I’ve been advised that Vulcan Alpha Bumpers are finally in stock and available to order (website still shows pre-order notice, but that should be gone within the week). No more pre-ordering, no more month+ delays. If you’ve been holding out for them, now’s the time.
The NoBull Iifters are not wood. The heel is stacked weather. These are a very interesting premium product. It’s totally cool that you’re not interested in premium products but it’s very worthy of inclusion.
Not trying to justify these plates in any way, they’re absolutely ridiculous, and the sizing seems like it would be a real problem, but they ARE urethane plates. The 45s are actually slightly cheaper than what you would pay for American Barbell’s urethane plates. So, there’s that.
Urethane was probably only used for these plates because achieving that kind of color variation and detail on rubber would have been a nightmare, if not impossible without just painting them. Urethane is ideal for this kind of product because it can basically be printed on and it will never fade or flake, I don’t think it was chosen for any performance or durability reasons.
I noticed you mention the straight knurled handles of the Rogue Hex Dumbells as an advantage. What do you like about a straight bar version over the erg handles that you see on most other hex dumbells?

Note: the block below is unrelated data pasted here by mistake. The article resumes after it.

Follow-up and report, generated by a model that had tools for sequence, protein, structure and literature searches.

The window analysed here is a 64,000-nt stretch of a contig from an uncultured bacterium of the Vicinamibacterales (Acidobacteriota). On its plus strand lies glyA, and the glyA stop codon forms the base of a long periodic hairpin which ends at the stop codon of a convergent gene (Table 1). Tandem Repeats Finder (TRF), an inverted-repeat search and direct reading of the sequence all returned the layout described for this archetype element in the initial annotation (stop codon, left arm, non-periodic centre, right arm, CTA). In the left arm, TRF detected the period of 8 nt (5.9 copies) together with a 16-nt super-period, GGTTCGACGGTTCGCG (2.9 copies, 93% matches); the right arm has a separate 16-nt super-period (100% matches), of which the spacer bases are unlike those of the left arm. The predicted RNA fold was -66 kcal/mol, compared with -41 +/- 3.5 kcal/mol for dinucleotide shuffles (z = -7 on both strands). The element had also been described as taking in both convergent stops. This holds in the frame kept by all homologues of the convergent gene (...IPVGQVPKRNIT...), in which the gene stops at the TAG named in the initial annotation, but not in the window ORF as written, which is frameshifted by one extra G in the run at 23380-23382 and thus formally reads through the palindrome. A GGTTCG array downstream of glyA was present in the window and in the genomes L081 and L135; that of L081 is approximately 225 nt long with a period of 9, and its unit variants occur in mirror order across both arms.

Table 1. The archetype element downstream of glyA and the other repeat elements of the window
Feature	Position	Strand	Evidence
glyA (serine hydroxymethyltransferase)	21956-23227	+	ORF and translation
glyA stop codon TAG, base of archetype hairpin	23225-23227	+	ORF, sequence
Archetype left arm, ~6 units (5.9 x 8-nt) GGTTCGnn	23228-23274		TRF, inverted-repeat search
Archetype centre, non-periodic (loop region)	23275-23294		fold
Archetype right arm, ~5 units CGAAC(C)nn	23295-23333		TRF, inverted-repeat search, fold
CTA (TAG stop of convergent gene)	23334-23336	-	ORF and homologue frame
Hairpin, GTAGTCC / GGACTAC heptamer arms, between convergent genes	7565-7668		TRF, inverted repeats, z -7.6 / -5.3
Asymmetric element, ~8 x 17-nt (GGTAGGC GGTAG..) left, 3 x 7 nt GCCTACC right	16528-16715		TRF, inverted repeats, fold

I guess it’s really more of a preference. A consistent shaft diameter just feels better to me, especially when it’s knurled like a real bar rather than the on-and-off again knurl pattern of the ergo handles. I didn’t really mean for it to sound like straight handles had a quantifiable advantage, I just think they feel better. Would I replace ergo handled dumbbells if there was nothing else wrong with them? Definitely not.
Also, the No Bull lifters are gorgeous. I’d want to be pretty damn strong though to rock such nice lifting shoes.
What are your thoughts on the Rogue EZ curl bar versus the stainless steel one by American Barbell? https://americanbarbell.com/products/american-barbell-ss-ez-curl-gym-bar
Both are currently sold out.
I think both are great bars, and neither would ever need to be replaced. Obviously the Rogue Curl is sold for a much more reasonable price. The American Barbell is basically 50% more cash than Rogue’s, and $100 is hard to ignore. You are getting stainless for that extra $100, but it is a curl bar after all. Some will pay for that premium, others will not. Both have the same loadable sleeves length, both have real bushings, and I guess technically the Rogue is easier to do math with being that the weight is a nice round number (versus 31 lbs. of the AB.)
End of the day, finish aside, I think it’s six of one and half a dozen of the other because both of these companies produce great bars, and both of these are literally miles ahead of those box-store curl bars (CAP, Troy, Marcy, etc) in terms of overall feel, performance, and durability.